What kind of works are not granted copyright protection?
No copyright protection is granted on:
a. laws, decrees and regulations issued by the public authorities;
b. court-sentences and/or administrative rulings;
any other work published by the
public authorities, except in those events of reserved rights, be it in general
by laws, decrees, or regulations, or in a specific case showed by a statement on
the work itself or at its publication.
What is the validity period of a copyright?
• Copyright lasts for the life of the author, the remainder of the calendar year in which the author dies, and for 50 years following the end of the calendar year. Therefore, protection will expire on December 31 of the 50th year. After that, the work becomes part of the public domain and anyone can use it.
• A copyright expires by a lapse of 50 years as of the date of the passing away of the author or the longest living co-author of the work (in case of joint autorship).
• A work who’s author is unknown or has never been revealed or not in a way his real name is traceable, expires 50 years after the last day of the calendar year in which the work has been publicly disclosed for the first time.
• Same duration of copyrights is granted in works published after the author’s death, in case of copyrights pertaining to public entities, corporates, etc. and likewise to motion pictures, photographic or sortlike works.
• Exclusive right for
translations have a duration of 10 years.
Do I have to register my work?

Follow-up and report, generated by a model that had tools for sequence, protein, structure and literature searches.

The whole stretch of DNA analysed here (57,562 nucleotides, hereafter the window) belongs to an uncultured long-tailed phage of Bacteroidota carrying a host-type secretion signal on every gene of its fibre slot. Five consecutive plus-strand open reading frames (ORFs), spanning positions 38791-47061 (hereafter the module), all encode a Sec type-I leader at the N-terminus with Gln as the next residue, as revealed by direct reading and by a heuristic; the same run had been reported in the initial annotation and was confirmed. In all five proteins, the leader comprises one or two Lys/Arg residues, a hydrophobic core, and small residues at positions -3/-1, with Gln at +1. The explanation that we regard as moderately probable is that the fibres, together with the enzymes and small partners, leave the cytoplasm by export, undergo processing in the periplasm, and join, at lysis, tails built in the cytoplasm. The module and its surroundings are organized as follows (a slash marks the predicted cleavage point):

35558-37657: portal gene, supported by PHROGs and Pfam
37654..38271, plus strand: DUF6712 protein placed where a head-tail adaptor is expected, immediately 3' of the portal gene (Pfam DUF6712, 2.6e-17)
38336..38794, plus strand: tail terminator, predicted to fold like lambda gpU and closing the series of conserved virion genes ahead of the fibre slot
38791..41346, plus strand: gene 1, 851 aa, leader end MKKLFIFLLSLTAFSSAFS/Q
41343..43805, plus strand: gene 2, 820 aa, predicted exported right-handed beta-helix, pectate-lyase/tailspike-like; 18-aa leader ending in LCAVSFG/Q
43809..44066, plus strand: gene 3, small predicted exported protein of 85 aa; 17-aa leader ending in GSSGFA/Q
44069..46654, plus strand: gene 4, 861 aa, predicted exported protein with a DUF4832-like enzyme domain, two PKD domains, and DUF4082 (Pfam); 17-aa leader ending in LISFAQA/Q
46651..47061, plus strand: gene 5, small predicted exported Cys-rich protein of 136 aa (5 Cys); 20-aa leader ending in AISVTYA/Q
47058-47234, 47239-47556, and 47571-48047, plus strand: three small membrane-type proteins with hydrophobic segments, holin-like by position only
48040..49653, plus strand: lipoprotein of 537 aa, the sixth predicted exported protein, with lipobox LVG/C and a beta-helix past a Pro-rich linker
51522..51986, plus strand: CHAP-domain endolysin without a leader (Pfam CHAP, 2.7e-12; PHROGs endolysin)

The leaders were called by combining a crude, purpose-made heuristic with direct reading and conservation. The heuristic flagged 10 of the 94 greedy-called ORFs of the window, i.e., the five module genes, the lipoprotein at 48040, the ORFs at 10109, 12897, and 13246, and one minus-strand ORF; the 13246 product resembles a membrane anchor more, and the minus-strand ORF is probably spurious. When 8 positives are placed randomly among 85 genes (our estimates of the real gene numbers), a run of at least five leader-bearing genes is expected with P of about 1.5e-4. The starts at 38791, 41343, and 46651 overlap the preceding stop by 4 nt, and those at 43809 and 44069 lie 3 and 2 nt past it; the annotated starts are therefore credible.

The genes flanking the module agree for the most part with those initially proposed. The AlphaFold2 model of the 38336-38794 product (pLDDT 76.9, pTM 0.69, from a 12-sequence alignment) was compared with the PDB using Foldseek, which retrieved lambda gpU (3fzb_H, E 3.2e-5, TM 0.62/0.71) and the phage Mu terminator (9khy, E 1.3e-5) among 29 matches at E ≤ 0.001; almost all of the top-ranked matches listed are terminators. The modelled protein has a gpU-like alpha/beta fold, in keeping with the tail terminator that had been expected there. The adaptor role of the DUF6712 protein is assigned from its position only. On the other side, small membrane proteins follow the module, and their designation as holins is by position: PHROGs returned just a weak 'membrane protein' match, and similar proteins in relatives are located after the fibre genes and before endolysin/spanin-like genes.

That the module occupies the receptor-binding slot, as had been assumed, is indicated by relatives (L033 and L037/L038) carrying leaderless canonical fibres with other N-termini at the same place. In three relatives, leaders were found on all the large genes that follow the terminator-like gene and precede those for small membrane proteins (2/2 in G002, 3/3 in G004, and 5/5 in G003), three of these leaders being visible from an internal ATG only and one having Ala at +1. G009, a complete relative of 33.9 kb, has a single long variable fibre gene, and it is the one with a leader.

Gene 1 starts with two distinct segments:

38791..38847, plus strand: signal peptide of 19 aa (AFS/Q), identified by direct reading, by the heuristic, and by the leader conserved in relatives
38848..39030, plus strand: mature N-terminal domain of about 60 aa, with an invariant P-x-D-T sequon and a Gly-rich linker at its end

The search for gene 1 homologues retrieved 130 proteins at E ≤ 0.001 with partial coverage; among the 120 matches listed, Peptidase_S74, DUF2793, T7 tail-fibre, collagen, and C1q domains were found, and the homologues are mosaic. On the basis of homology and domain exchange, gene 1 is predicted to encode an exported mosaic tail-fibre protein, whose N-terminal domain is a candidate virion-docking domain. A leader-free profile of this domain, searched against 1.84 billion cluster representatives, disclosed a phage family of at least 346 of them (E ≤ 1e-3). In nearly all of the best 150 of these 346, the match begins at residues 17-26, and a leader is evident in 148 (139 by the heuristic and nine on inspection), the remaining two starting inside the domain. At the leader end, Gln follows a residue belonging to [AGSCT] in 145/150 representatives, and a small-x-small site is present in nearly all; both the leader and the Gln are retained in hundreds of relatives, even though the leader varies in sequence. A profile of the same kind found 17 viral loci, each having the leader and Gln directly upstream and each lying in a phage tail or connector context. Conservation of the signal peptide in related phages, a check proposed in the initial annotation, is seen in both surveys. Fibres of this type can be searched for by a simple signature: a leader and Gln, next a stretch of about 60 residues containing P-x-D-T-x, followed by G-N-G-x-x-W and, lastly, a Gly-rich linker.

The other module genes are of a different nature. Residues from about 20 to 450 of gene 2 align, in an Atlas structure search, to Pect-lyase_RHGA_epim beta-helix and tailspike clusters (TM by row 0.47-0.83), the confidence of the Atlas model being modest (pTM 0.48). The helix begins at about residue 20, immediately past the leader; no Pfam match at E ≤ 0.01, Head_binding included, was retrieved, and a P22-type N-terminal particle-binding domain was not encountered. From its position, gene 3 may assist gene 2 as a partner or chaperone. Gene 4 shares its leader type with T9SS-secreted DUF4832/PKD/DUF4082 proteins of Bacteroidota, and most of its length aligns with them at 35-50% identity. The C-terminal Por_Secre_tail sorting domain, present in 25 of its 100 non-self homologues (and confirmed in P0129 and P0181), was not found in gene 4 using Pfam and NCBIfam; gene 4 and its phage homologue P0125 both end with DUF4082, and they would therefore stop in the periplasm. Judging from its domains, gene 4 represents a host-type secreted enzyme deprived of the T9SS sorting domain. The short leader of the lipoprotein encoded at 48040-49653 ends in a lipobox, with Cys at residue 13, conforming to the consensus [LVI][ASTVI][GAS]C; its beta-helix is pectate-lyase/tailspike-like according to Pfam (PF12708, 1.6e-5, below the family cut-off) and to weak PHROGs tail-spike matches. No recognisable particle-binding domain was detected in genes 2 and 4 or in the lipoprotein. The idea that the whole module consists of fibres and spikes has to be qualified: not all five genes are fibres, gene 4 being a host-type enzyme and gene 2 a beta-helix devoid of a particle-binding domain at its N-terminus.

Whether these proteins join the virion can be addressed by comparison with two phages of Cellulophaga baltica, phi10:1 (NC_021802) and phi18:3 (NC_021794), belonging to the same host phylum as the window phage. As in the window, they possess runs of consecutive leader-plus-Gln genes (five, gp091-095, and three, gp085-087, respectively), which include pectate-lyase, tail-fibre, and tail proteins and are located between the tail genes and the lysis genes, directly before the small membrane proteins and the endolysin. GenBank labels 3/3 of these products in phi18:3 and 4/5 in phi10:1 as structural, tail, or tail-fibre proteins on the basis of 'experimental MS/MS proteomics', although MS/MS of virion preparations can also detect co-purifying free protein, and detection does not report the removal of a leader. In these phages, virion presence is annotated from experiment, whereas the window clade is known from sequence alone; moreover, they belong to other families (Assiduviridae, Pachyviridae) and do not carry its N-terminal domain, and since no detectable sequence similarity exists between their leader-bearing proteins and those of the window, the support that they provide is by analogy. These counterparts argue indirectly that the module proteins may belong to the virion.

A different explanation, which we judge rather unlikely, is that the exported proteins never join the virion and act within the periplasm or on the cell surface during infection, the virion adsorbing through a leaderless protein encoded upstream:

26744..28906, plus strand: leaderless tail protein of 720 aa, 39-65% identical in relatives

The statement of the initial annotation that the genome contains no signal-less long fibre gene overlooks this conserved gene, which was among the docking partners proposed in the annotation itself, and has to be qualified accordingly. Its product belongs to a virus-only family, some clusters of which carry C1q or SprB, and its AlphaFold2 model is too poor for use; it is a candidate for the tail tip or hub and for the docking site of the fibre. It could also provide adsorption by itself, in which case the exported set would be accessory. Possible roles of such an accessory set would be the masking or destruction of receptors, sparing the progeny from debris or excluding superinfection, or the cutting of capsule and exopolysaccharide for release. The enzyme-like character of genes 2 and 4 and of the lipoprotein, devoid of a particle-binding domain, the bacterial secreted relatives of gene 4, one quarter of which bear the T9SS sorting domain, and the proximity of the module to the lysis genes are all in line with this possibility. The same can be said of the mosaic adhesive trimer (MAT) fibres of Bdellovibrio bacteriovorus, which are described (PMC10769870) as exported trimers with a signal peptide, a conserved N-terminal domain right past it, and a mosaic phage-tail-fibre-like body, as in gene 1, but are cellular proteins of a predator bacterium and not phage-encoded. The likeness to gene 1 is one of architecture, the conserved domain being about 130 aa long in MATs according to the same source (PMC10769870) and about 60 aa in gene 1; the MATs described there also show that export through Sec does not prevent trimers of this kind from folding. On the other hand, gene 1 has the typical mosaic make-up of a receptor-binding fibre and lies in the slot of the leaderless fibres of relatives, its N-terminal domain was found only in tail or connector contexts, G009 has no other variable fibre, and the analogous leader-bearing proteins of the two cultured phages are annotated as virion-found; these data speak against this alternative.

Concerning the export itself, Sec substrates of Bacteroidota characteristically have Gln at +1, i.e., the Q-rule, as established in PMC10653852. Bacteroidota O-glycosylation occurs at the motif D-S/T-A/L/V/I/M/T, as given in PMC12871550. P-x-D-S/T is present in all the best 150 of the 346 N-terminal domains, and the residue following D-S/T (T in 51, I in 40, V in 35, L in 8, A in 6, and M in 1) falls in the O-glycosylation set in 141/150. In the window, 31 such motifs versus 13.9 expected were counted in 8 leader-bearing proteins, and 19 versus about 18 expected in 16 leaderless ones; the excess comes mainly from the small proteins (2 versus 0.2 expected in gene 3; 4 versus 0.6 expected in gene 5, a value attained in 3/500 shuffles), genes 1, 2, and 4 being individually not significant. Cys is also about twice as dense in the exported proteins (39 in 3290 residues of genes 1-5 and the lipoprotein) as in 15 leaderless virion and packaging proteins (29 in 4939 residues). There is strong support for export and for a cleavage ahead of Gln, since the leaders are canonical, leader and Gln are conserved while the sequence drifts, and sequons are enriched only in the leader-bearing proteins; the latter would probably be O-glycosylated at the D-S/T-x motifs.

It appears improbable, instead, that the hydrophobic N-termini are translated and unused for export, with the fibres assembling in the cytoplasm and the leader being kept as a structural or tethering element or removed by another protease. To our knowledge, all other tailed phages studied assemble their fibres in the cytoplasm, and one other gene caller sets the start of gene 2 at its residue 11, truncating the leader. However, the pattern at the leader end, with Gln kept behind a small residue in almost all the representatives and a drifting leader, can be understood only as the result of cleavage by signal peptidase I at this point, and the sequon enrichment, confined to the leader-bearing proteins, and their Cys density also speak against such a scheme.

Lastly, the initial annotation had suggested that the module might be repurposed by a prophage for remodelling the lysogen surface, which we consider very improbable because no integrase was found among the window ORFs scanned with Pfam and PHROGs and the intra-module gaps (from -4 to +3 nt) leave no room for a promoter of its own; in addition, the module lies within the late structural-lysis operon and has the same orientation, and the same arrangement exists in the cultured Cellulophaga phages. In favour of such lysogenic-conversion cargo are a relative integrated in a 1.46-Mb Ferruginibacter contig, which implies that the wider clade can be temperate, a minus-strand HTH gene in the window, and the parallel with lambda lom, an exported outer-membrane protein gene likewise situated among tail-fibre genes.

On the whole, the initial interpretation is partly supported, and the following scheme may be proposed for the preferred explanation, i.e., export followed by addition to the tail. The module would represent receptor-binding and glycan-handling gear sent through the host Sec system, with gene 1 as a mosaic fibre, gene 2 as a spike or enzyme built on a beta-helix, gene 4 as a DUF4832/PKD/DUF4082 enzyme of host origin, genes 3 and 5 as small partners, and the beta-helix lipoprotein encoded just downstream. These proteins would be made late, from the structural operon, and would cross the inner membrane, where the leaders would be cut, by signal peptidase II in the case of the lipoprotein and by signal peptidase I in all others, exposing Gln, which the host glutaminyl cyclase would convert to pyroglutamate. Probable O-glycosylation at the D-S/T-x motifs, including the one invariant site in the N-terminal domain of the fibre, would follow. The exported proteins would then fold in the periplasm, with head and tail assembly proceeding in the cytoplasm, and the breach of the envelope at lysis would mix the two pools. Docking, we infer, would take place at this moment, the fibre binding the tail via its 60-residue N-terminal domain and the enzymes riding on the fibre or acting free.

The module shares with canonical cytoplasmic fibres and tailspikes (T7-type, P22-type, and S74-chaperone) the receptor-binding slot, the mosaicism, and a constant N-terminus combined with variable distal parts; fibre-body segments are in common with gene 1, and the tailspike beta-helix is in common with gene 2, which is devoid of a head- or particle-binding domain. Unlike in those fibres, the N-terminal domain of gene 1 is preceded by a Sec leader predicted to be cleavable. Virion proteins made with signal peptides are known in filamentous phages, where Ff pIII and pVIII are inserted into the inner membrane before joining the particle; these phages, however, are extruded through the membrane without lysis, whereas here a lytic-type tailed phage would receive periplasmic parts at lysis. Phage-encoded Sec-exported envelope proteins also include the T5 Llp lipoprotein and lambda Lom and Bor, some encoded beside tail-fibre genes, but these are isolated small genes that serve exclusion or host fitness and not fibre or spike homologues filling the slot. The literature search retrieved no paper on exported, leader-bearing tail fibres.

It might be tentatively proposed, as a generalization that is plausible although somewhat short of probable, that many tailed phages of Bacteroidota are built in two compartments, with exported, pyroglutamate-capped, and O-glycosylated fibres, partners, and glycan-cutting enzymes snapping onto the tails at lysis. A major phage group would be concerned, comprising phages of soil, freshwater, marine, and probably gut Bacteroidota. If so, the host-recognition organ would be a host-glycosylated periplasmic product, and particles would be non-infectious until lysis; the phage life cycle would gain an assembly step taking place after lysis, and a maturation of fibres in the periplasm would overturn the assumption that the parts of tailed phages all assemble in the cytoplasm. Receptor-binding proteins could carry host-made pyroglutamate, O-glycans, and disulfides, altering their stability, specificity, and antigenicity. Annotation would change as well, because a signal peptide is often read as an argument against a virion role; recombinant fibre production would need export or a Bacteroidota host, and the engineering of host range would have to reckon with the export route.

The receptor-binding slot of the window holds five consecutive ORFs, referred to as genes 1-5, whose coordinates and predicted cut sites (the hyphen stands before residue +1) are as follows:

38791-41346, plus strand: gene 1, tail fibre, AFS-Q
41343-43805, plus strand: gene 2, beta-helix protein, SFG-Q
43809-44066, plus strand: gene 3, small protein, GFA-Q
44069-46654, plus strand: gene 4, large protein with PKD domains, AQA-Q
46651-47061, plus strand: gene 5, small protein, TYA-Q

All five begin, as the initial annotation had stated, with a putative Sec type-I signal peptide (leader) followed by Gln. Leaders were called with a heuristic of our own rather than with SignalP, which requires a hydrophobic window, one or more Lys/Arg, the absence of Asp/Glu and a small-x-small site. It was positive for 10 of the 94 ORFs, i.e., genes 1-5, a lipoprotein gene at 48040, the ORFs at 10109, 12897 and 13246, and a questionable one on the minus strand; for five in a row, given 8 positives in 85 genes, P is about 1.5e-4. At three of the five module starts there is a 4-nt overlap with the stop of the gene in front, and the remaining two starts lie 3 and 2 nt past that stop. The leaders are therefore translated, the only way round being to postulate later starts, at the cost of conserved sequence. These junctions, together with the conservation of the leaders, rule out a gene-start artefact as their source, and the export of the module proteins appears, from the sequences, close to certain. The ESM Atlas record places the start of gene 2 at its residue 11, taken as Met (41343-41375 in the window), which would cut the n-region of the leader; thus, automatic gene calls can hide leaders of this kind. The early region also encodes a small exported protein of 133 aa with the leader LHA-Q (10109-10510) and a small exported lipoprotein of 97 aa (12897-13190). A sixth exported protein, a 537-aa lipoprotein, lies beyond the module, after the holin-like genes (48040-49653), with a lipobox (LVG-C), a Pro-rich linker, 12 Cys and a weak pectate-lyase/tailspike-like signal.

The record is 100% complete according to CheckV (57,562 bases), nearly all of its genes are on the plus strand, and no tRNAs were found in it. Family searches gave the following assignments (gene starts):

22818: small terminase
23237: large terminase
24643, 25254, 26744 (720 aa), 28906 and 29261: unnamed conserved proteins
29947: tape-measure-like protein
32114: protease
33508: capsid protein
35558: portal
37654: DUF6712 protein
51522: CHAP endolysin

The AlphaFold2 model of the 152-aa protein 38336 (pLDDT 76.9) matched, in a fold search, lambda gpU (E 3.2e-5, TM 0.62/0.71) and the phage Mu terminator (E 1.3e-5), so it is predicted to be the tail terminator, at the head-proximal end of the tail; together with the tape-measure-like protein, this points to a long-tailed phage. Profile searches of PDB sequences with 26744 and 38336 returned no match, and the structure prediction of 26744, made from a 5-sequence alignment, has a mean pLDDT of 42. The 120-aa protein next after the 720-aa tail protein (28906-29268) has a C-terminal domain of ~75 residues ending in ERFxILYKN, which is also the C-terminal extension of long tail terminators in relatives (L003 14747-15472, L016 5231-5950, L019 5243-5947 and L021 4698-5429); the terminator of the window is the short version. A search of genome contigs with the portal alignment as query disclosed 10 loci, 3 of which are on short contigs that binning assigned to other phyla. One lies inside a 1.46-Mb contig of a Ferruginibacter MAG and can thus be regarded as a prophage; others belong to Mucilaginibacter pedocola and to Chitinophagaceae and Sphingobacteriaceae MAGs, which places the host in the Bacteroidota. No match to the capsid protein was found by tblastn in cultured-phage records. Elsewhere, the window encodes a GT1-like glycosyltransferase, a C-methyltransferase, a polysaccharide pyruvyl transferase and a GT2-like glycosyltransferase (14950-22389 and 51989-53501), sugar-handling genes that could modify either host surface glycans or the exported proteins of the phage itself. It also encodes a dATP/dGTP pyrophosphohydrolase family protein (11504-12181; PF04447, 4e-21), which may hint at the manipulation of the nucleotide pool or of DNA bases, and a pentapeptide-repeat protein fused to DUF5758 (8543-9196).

No. Since you obtain copyright automatically when you create an original work, you are automatically protected by law. However, it is still a good idea (in case of doubt in the right authorship) to register your copyright and to indicate notice of copyright on your works.
Registration gives you a certificate that states you are the copyright owner. You can use this certificate in court to establish ownership.
Do I have to deposit a copy of my work at the Bureau?
Yes. In case of (big) paintings or handcrafts/souvenirs etc., you just have to file photo’s (not too small) of these works.
What do I have to do to register my copyrights?
You file an application with the Bureau along with a copy of your work and a copy of a valid ID card. An application form is available from the Bureau or by visiting
What is the registration fee?
The registration is (still) free of charge.
Do I have to protect my work myself?
The Bureau does not verify ownership. Only the courts can do that.
Nor does the Bureau act as a “watch-dog”, looking who is violating someone’s
rights (his copyrighted work). It is not the
responsability of the Bureau to prevent others from infringing the rights of the
copyright owner. So the copyright owner has to protect his work himself,
watching for unlawful use of his copyright material. Plagiarism – passing off
someone’s else’s work as your own – is a form of copyright infringement.
Are copyrights valid in foreign countries?
By registering in Aruba the
author will obtain international protection.
What will the new Copyrights Act contain?
Copyright law has become increasingly complex over the years to respond to a sophisticated communications environment. In this high-tech age, there are many new ways of pruducing creative works as well as of imitating or exploiting them without the creator’s permission. The photocopier, videocassette recorder, and personal computer digital reproduction of songs are just a few examples of modern devices that help artists communicate with their audiences, but that also makes it harder to control unlawful use. Although authors can appeal in court when their rights are infringed, they would like to obtain new legal forms of protection to cover the challenge of these new technologies which open easy ways to commit piracy on a large scale.
The Bureau is planning to
prepare a draft for a new Copyrights Act, by revising the